What is the Difference Between Annulment of Marriage and Declaration of Nullity of Marriage?

So, you and your spouse “have lost that lovin’ feeling”, huh? Or maybe there’s still some feelings left but not enough to keep you in the relationship and in the same home. Since divorce is yet to be legalized in our country, you only have two options: be legally separated from your spouse, or file an annulment of your marriage.

What is the difference between legal separation and annulment of marriage?

According to Yap Kung Ching & Associates Law, legal separation means that the married couple are separated in room and board but they remain married to each other. Whereas, an annulment means that the marital ties between the husband and the wife is severed and both are free to re-marry (or marry another person).

What does annulment of marriage mean?

Annulment of marriage is a legal process done in court to invalidate the marital union between a married couple.

What is the difference between annulment of marriage and declaration of nullity of marriage?

Annulment of marriage applies when the marriage is valid until declared annulled by the court based on the grounds presented by one or both spouses who wish to get out of the marriage. A declaration of nullity of marriage applies to marriages which are void — or the types of marriages that are considered to have never taken place or void from the very beginning. This is determined based on the grounds presented by one or both spouses who wish to get out of the void marriage.

What are the grounds for Annulment of Marriage?

The following answers were lifted from the website of Guzman, Tanedo, & Acain Attorneys At Law website:

Marriages can be annulled by the court on the following grounds:

  1. Either party was eighteen years of age but below twenty-one, and the marriage was solemnized without the consent of the parents, or guardian. You can only file the Petition within five years after reaching the age of 21. You cannot file the Petition if you have freely cohabitated with each other as husband and wife after you reach the age of 21. Your parents or guardian may also file the Petition any time before you reach the age of 21.
  2. Either party was of unsound mind at the time of marriage. You may file the Petition any time before the death of your husband or wife; unless you freely cohabitated with each other and the spouse with the unsound mind came to reason, you could already be prohibited by the courts from filing the Petition.
  3. The consent of either party was obtained by fraud. You may file the Petition within five years after the discovery of the fraud, provided that you did not freely cohabit with your husband or wife after your full knowledge of the facts constituting the fraud. In simple terms: Kung nalaman mo na niloko ka lang para magpakasal, at nag sama pa rin kayo sa isang bahay at namuhay bilang mag-asawa matapos mong malaman ang kanyang panloloko, hindi ka na maaring mag file ng Petition.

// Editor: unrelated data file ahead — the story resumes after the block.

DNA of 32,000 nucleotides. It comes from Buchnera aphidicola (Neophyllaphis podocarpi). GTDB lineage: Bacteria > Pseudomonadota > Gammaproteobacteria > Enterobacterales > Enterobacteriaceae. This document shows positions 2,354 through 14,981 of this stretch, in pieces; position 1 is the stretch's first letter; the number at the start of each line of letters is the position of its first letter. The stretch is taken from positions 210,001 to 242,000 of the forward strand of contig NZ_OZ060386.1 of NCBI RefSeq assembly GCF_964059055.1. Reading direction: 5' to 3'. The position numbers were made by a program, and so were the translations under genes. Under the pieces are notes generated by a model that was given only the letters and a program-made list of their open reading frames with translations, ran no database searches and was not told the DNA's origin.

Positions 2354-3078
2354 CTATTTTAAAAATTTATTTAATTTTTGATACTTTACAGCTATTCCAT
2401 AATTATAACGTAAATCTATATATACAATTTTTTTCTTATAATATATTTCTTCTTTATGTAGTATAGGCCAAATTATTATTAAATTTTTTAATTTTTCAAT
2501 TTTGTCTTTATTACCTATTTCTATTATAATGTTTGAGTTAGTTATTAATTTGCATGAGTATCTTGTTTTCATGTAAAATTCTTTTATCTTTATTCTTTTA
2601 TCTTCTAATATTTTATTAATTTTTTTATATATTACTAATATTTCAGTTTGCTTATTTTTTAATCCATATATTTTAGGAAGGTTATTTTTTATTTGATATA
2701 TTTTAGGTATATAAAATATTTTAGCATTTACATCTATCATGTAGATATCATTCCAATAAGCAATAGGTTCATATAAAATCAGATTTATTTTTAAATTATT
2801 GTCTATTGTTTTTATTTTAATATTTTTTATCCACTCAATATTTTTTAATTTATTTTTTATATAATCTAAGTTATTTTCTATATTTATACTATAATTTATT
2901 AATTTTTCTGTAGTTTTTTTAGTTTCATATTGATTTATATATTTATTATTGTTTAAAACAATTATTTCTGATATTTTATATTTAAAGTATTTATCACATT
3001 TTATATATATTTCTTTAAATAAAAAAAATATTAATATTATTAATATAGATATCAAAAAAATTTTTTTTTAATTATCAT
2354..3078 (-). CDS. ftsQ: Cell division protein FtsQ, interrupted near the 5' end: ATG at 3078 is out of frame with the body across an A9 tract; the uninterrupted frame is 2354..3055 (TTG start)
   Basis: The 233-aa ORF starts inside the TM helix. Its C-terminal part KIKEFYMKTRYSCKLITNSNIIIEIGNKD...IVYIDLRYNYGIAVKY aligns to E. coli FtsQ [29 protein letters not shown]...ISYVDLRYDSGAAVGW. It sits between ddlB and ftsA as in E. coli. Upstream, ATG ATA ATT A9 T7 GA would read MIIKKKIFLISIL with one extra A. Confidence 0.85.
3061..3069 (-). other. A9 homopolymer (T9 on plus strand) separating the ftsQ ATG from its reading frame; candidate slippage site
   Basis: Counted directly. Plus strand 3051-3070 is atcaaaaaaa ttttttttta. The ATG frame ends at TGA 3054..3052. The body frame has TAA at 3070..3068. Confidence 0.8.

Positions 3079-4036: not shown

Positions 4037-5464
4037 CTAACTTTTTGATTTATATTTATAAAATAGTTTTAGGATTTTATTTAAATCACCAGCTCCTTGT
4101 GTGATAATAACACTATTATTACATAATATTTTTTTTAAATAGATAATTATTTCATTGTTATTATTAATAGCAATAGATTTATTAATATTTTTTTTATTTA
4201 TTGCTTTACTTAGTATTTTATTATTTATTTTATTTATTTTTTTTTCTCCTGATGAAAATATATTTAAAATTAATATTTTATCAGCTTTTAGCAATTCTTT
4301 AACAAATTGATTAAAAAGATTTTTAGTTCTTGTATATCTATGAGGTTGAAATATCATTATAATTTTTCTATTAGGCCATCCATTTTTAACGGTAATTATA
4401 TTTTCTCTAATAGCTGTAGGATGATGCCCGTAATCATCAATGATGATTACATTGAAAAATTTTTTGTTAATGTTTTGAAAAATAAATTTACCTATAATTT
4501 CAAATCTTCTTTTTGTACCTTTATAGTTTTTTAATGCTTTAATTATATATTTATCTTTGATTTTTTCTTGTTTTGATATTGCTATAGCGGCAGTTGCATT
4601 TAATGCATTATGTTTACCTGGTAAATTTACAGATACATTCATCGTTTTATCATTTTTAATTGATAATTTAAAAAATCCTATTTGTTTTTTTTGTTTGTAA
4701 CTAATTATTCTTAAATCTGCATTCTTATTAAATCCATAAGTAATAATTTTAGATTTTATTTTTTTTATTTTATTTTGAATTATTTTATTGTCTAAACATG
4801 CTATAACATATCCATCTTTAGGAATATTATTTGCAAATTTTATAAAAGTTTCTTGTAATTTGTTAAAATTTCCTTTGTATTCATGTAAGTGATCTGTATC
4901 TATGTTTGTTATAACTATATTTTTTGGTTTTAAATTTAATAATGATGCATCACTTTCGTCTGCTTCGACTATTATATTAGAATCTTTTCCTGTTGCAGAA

4. The consent of either party was obtained by force, intimidation, or undue influence or otherwise known as shotgun marriage. You can file the Petition within five years from the time the force, intimidation, or undue influence disappeared or ceased. Again, if you freely cohabitated with your husband or wife knowing that the force or intimidation had already ceased, you will be barred from filing the Petition.
  5. Either party was impotent or physically incapable of engaging in sexual intercourse and such incapacity continues and appears to be incurable. You can file the Petition within five years after marriage.
  6. Either party was afflicted with a sexually-transmissible disease found to be serious and appears to be incurable. You can also file the Petition within five years after marriage.

What are the grounds to declare the marriage null (and void)?

  1. Those contracted by any party below 18 years old even with the consent of parents or guardians.
  2. Those solemnized by any person not legally authorized to perform marriages unless such marriages were contracted with either or both parties believing in good faith that the solemnizing officer had the legal authority to do so.
  3. Those solemnized without license unless exempted by law.
  4. Those bigamous or polygamous marriages.
  5. Those contracted through mistake of one contracting party as to the identity of the other.
  6. When you get married immediately without waiting for the issuance of the Final Decree of Annulment of your previous marriage. Your second marriage can also be voided by the Court.
  7. Psychological Incapacity of the husband or wife, existing at the time of marriage, which prevents him or her from complying with the essential marital obligations of marriage, even if such incapacity becomes manifest only after the solemnization of the marriage.
  8. Incestuous marriages (between ascendants and descendants; between brothers and sisters whether full or half-blood).
  9. Marriages between relatives:
    • Between collateral blood relatives, whether legitimate or illegitimate, up to the fourth civil degree;
    • Between step-parents and step-children;
    • Between parents-in-law and children-in-law;
    • Between the adopting parent and the adopted child;
    • Between the surviving spouse of the adopting parent and the adopted child;
    • Between the surviving spouse of the adopted child and the adopter;
    • Between an adopted child and a legitimate child of the adopter;
    • Between adopted children of the same adopter;
    • Between parties where on, with the intention to marry the other, killed the other person’s spouse, or his or her own spouse.

References:

Yap, Kung, Ching & Associates

Guzman, Tanedo, & Acain Attorneys at Law

Published by MasterCitizen

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